economy to prevent economic imbalances from cumulating in a destabilizing
way and producing either prolonged recession or inflation. He could show how
to control inflation without a prolonged recession. For Burns, the problem was
that monetary policy constituted only one part of the arsenal of weapons he
needed. He also wanted to influence another weapon in the arsenal, namely
fiscal policy. Furthermore, he wanted aggressive special intervention by the
President into the price and wage decisions of the private sector.
Burns’s penchant for government intervention reflected the importance he
attached to strong leadership. He exercised a commanding presence. A magazine article on Burns commented that “Where Arthur sits, there is the head
of the table.” By personality, Burns was a leader, and he wanted to inspire the
President to be the kind of leader Burns believed the country needed. Although
R. L. Hetzel: Arthur Burns and Inflation
the incomes policy Burns advocated in 1970 and the first half of 1971 lacked
the legal sanctions of controls, it would, Burns believed, allow the President
to lead. With leadership, the country could avoid a painful choice between
inflation and unemployment.
Burns saw himself as playing a key role in prodding the government into
leadership. A small, but telling, example is the reinstitution at Burns’s initiative
of sterilized foreign exchange intervention in the summer of 1972. Sterilized
foreign exchange intervention changes neither the money stock nor interest
rates but, for Burns, government action could have a galvanizing effect on
markets. Burns told the FOMC (FOMC Minutes, 7/18/72, pp. 734–35):
. . . despite the atmosphere of unease that had prevailed in the international
financial world for a good many months, the United States—the only nation
capable of exerting effective leadership—had appeared to be playing a passive
role, with no clear-cut policy or program. . . . he [Burns] had outlined certain
principles of world monetary reform in his speech at the International Monetary Conference in Montreal last May. He had made that address reluctantly,
since he would have preferred to have such a statement come from the Treasury
Department. It had seemed necessary for him to speak out, however, because a
certain hopelessness and despair had settled on international financial markets.
His remarks had received world-wide acclaim, not because of their intrinsic
merit, but because of the widespread hunger for leadership; they represented
the first outgoing, constructive statement by a senior U.S. official indicating
a willingness on this country’s part to help in reestablishing monetary order.
. . . There were times for blowing a trumpet within the halls of Government,
and this was one of them. Those efforts had now produced results. . . . By
demonstrating that the United States was prepared to cooperate with other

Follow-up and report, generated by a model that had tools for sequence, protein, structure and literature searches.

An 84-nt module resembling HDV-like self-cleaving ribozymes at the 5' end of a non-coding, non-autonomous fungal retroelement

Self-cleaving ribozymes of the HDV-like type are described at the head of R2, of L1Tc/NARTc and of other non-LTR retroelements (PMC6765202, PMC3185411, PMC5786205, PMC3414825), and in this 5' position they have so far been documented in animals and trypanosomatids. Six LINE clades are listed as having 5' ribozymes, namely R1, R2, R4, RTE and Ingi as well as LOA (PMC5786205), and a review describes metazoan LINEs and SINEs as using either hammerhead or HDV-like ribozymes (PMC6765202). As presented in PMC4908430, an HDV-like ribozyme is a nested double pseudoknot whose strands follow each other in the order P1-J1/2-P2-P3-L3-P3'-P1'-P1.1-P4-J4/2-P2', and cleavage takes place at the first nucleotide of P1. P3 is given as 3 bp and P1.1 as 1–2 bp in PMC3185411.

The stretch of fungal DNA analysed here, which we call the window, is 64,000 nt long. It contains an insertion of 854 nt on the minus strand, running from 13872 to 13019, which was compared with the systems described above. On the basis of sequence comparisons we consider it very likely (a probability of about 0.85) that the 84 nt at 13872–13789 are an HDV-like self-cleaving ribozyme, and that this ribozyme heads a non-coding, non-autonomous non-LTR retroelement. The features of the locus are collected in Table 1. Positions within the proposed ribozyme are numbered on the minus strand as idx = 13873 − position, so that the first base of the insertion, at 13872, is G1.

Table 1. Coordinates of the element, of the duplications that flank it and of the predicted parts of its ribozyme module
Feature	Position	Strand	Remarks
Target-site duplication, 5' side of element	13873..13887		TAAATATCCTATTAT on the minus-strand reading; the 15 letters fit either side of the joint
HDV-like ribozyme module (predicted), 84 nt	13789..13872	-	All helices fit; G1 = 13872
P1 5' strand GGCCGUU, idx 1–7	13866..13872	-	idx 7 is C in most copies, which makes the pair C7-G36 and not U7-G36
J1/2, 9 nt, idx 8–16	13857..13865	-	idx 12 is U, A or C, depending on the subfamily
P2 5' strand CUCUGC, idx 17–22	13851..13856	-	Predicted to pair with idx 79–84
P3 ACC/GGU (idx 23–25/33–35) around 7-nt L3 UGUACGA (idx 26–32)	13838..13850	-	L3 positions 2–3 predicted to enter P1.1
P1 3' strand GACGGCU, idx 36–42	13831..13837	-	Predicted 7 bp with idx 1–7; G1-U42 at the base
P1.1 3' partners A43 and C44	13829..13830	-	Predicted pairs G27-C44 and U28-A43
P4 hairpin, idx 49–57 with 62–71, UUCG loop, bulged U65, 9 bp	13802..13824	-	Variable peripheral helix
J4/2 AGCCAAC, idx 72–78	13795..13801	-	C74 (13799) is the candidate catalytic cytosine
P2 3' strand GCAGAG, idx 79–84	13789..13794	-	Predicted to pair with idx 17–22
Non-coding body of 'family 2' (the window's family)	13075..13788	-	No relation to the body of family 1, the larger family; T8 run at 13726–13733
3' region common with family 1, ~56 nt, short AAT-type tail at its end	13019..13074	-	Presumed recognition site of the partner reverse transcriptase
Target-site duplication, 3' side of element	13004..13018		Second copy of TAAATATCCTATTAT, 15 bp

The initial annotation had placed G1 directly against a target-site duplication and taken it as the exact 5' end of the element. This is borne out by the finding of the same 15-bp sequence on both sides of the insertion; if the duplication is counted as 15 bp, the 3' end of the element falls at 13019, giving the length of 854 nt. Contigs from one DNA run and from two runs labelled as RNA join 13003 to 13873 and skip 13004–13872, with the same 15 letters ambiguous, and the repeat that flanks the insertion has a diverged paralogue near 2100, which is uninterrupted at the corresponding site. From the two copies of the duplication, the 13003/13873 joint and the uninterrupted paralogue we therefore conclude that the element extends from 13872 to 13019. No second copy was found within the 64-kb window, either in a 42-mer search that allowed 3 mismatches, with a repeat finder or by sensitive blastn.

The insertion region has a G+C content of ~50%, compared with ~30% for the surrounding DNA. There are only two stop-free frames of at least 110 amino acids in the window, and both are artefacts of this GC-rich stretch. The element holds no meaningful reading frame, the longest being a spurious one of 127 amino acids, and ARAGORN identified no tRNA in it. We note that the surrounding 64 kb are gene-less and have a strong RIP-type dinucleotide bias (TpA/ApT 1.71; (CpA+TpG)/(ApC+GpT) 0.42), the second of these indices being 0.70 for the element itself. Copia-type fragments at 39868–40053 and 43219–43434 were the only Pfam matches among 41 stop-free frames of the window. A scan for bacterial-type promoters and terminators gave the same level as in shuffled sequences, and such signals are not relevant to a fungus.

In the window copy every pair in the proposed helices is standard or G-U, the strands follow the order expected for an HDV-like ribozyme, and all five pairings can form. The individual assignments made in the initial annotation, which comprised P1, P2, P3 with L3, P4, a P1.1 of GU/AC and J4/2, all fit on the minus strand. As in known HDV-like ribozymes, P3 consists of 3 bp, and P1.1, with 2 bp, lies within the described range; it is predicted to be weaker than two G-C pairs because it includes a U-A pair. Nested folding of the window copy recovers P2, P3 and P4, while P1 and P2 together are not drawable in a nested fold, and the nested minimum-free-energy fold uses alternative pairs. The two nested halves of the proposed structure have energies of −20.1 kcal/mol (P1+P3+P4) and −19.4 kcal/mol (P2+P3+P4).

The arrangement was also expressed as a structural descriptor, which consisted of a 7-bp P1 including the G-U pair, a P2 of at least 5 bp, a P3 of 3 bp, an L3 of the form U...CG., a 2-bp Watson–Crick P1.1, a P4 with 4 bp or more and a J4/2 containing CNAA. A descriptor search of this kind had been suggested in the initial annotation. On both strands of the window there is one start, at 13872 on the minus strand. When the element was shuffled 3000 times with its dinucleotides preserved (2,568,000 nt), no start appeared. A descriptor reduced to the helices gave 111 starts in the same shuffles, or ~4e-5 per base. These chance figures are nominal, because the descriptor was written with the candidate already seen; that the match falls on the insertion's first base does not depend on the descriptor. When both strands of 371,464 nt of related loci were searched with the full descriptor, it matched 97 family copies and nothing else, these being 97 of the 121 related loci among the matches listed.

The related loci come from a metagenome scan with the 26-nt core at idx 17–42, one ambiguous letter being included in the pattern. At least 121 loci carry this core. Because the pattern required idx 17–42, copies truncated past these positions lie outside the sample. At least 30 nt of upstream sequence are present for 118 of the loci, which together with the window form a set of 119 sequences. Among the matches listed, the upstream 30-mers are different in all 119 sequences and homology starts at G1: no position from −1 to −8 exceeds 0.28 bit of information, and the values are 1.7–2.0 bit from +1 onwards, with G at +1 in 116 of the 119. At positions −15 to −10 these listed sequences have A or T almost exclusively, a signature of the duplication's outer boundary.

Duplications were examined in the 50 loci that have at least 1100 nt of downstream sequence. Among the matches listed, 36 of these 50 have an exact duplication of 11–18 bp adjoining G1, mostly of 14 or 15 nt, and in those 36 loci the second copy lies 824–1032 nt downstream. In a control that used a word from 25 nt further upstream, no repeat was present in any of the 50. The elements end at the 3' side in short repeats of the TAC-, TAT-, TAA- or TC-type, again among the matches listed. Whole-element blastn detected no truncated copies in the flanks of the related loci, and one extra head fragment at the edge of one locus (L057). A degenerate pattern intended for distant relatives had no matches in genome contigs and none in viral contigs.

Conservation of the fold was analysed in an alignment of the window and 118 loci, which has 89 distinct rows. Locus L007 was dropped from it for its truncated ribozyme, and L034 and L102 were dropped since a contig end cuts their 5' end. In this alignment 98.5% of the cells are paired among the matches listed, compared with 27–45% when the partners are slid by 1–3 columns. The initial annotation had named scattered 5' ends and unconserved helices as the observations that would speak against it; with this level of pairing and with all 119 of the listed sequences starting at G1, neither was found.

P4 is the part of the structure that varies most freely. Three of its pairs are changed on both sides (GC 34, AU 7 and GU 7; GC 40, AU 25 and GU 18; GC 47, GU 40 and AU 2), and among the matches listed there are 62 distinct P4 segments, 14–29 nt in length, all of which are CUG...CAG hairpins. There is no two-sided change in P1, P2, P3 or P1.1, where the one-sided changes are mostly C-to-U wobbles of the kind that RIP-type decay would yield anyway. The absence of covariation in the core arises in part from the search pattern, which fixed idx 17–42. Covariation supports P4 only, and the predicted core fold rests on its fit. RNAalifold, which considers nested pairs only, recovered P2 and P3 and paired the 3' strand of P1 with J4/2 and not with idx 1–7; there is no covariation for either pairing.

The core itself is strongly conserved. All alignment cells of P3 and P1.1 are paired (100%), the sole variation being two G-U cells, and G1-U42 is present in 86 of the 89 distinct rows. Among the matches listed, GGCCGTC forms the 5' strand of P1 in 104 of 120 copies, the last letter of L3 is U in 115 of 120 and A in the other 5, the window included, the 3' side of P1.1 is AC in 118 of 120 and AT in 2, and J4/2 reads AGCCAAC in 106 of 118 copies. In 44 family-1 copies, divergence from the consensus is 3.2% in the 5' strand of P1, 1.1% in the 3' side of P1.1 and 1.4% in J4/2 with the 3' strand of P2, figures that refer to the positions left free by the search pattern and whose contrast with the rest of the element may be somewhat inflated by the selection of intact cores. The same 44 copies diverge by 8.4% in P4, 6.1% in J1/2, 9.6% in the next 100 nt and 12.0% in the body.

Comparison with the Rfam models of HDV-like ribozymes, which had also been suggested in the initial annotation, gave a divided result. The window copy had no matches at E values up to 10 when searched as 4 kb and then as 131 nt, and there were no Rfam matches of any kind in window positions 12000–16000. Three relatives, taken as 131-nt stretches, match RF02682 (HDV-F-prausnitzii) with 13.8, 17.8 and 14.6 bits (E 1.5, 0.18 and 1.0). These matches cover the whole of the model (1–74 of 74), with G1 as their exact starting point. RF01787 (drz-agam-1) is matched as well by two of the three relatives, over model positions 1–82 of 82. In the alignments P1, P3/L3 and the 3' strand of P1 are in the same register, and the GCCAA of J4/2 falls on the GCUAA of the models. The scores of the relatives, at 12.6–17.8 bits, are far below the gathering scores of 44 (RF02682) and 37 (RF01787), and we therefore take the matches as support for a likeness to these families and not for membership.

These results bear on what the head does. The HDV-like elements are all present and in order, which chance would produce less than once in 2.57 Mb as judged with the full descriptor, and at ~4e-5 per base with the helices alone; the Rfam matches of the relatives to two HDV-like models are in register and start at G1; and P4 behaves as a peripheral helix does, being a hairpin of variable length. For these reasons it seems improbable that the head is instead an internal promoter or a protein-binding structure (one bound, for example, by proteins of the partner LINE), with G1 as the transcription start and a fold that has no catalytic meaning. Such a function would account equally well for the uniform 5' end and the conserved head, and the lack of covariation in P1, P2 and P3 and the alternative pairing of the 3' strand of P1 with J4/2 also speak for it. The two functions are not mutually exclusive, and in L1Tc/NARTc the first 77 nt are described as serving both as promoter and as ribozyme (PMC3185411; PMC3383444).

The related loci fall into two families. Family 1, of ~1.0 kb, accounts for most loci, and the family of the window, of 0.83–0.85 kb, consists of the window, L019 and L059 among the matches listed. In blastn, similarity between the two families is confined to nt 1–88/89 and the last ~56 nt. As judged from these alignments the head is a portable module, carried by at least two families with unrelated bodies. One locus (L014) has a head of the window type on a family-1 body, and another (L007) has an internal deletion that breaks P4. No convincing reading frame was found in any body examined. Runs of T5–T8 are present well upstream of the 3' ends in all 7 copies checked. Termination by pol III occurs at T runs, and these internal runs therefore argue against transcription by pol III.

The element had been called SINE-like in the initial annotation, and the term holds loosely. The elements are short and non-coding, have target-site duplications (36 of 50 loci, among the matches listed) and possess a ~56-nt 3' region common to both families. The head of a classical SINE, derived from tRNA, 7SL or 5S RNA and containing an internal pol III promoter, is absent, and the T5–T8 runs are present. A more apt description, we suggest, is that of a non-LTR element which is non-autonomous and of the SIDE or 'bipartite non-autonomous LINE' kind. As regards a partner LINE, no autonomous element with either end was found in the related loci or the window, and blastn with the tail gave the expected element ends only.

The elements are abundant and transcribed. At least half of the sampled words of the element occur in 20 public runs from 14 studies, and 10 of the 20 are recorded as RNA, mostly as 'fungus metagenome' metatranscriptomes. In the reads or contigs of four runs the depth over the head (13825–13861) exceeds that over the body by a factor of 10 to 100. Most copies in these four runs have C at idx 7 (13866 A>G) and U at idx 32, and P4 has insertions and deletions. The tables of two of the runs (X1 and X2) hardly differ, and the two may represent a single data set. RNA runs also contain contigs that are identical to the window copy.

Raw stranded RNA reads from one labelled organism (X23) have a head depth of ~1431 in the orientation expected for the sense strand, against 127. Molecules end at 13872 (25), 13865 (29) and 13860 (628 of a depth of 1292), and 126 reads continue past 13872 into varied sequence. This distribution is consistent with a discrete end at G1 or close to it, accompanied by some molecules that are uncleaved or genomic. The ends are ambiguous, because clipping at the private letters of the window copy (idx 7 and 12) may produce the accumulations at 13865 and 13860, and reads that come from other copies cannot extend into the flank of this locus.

nations in defending the Smithsonian parities, such operations could have a
major impact on market psychology.
Burns had an eclectic view of the causes of inflation. His earliest comprehensive
treatment of inflation is Prosperity Without Inflation. Burns (1957, p. 7) stated
that “There is . . . not one cause of the post-war inflation but many.” However,
among the many factors, the most important was a wage-price spiral caused
by expectations of inflation. “One of the main factors in the inflation that we
have had since the end of World War II is that many consumers, businessmen,
and trade union leaders expected prices to rise and therefore acted in ways that
helped to bring about this result” (Burns 1957, p. 71).
Throughout his life Burns returned to the theme of a wage-price spiral
driven by the expectation of inflation. The expectation of inflation arose from
the public’s belief that government would shield individual groups from competition. Shortly after he became Fed Chairman, Burns ([5/18/70] 1978, pp.
91–102) gave a speech to the American Bankers Association, where he stated:
Federal Reserve Bank of Richmond Economic Quarterly
. . . the root of the difficulty [inflationary bias] seems to be the broadening of
the social aspirations that have been shaping our national economic policies,
and especially the commitment to maintain high levels of employment and
rapid economic growth. . . . Another source of inflationary pressure in recent
years has been the rise of governmental expenditures for social welfare. . . .
The present world-wide inflationary trend may thus be ascribed to the humanitarian impulses that have reached such full expression in our times.
After leaving the Fed, Burns gave a speech in 1979 called “The Anguish
of Central Banking.” He said (Burns 1979, pp. 12, 13, and 21):
Once it was established that the key function of government was to solve problems and relieve hardships—not only for society at large but also for troubled
industries, regions, occupations, or social groups—a great and growing body
of problems and hardships became candidates for governmental solution. . . .
Their [government programs] cumulative effect . . . was to impart a strong
inflationary bias to the American economy. . . . The pursuit of costly social
reforms often went hand in hand with the pursuit of full employment. . . . This
weighting of the scales of government policy inevitably gave an inflationary
twist to the economy, and so did the expanding role of government regulation.
. . . My conclusion that it is illusory to expect central banks to put an end
to the inflation that now afflicts the industrial economies does not mean that
central banks are incapable of stabilizing actions; it simply means that their